After a week of frigid weather the Chinook blows through Cody, and the temperature is rising. But that low hanging cottonwood limb banging down on a corner of my roof serves as a reminder that this is not — in Senator McCain’s words — “a warm Republican breeze.” That’s because Wyoming is sending a Democrat to the governor’s mansion for the first time in eight years. This is indeed paradoxical considering the recent nationwide 2002 Republican juggernaut.
This year, as usual, only a sprinkling of Democrats were elected in municipal, county, and legislative races statewide. Thirty-three Wyoming House and Senate candidates — mostly Republicans — ran unopposed. We returned the two GOP members of our small Congressional delegation (Sen. Mike Enzi; Rep. Barbara Cubin) up for re-election this year to Washington with typically lopsided margins. The two houses of the Wyoming Legislature both have strong Republican majorities. Oh, and did I mention that we elected a Democratic governor?
Because of its low population (492,000 in the 2000 Census), Wyoming citizens have ready access to politicians, especially in election years. Like Iowa and New Hampshire during presidential primary seasons, it sometimes seems we’re tripping over them.
Over the years this more personal campaigning has produced an electorate that — despite GOP registration numbers trumping Democrats 2 to 1 statewide — occasionally votes for personality over party affiliation. A state known historically as a bastion of Republican conservatism (in 2000 Bush-Cheney won 69% of its vote) was governed pre-1995 by two Democrats over twenty years, Ed Herschler and Mike Sullivan. As an aside, those two decades are a good primer for anyone interested in studying the Wyoming resource-based, boom-bust economic model. The late '70s-early '80s saw economic prosperity thanks to a western energy boom, which was followed by a late '80s bust from which the state has not yet recovered.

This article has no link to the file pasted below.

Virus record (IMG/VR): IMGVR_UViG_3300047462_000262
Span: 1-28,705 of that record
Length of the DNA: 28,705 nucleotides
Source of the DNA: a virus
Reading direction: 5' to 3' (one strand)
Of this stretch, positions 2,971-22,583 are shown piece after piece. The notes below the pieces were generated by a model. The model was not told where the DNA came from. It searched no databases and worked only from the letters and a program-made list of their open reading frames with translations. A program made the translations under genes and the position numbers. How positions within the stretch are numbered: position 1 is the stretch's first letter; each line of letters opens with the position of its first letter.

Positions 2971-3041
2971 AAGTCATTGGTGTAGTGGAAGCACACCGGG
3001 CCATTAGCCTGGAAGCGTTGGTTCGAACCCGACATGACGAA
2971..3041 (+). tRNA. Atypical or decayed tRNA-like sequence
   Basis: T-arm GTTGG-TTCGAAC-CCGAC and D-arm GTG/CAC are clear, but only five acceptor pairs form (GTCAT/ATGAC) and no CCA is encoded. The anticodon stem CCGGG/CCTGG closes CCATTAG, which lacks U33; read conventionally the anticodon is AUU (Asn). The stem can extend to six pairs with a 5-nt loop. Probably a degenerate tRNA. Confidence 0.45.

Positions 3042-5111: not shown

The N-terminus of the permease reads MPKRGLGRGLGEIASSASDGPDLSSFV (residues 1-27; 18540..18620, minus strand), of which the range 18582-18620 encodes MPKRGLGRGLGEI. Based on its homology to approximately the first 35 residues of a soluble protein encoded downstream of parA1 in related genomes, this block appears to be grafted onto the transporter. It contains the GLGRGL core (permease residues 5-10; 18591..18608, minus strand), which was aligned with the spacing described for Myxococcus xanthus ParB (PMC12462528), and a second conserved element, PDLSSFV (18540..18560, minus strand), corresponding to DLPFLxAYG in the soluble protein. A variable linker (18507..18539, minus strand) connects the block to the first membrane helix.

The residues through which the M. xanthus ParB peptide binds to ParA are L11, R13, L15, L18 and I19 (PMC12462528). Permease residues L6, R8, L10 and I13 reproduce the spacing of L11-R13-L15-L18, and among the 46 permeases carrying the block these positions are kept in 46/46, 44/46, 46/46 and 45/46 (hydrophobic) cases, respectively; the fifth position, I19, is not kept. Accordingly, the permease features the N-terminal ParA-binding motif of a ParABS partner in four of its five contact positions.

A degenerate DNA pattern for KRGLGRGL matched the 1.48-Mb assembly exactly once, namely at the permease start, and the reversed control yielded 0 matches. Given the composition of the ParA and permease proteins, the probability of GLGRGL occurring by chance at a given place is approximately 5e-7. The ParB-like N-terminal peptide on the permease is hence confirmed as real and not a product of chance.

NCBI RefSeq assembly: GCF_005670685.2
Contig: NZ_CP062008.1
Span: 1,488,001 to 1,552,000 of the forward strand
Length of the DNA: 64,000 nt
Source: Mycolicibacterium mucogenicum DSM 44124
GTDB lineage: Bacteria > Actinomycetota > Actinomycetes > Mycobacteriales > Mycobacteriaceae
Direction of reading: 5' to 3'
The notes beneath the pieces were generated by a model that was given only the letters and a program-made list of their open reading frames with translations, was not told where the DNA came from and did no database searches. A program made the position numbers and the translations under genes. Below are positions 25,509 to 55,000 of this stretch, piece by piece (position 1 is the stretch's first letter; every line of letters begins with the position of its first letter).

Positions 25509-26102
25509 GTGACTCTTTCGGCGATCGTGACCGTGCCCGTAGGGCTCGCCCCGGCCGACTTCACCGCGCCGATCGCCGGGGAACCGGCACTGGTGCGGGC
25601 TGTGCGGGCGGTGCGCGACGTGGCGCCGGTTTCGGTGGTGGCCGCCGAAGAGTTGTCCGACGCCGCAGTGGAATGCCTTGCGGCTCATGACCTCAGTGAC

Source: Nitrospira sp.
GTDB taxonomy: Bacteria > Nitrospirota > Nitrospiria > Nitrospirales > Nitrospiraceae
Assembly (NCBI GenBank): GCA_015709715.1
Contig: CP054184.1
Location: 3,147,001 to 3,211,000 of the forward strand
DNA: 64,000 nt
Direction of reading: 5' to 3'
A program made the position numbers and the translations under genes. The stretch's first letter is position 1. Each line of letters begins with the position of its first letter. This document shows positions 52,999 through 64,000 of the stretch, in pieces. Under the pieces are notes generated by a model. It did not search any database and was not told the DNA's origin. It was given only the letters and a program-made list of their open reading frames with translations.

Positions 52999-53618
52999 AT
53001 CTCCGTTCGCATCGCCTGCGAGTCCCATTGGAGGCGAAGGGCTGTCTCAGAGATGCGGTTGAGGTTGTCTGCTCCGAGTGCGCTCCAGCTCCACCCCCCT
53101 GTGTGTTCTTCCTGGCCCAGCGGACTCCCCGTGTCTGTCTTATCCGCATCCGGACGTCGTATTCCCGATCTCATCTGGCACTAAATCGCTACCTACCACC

Presently Wyoming is near the bottom in all economic indicators. As soon as the kids graduate from high school or college, they leave. The state university and community college system exists to export brains and talent. The 25-to-44-year-old age group — working parents — is shrinking as they leave, and conversely so are school enrollments. The only expanding age group are retirees, making towns such as Jackson, Cody, Lander, Afton, Pinedale and Sheridan into Boca Ratons with mountain views.
Republican James Geringer was elected governor in 1994 in the GOPs last big seismic shift, and promised to bring back the good old days of huge state mineral royalty revenues and high paying jobs, but over two terms failed to deliver, and was term limited this year. Geringer’s tragedy is that he will be remembered as the governor who failed to take advantage of the booming late '90s American economy . While neighboring states prospered (especially Colorado, Utah, Nevada and Idaho) Wyoming languished. For example, during the '90s, Bozeman, Montana attracted some sixty high tech companies; Cody, Wyoming none. Jim Geringer must think that “broadband” refers to wide roads on a map.
It was a contest among Republican Eli Bebout, Democrat Dave Freudenthal, and Libertarian Dave Dawson (whose final 2% of the vote in the end hurt Bebout). Both Bebout and Freudenthal scrapped their way through crowded August primaries. Bebout’s was particularly ugly as the state GOP apparatus led by retired elder statesman Alan Simpson launched a negative ad campaign against Bebout primary rival Ray Hunkins, a rancher-attorney, over questionable but minor legal-business infractions years old. The Simpson Faction had tapped Bebout as its golden boy even before the primary, and the colorful Big Al was only living up to his maxim that “Politics is a contact sport.” The Wyoming electorate got to read about the Simpson attacks in the papers everyday last summer. The underlying feeling was that they found this GOP internecine mudslinging distasteful.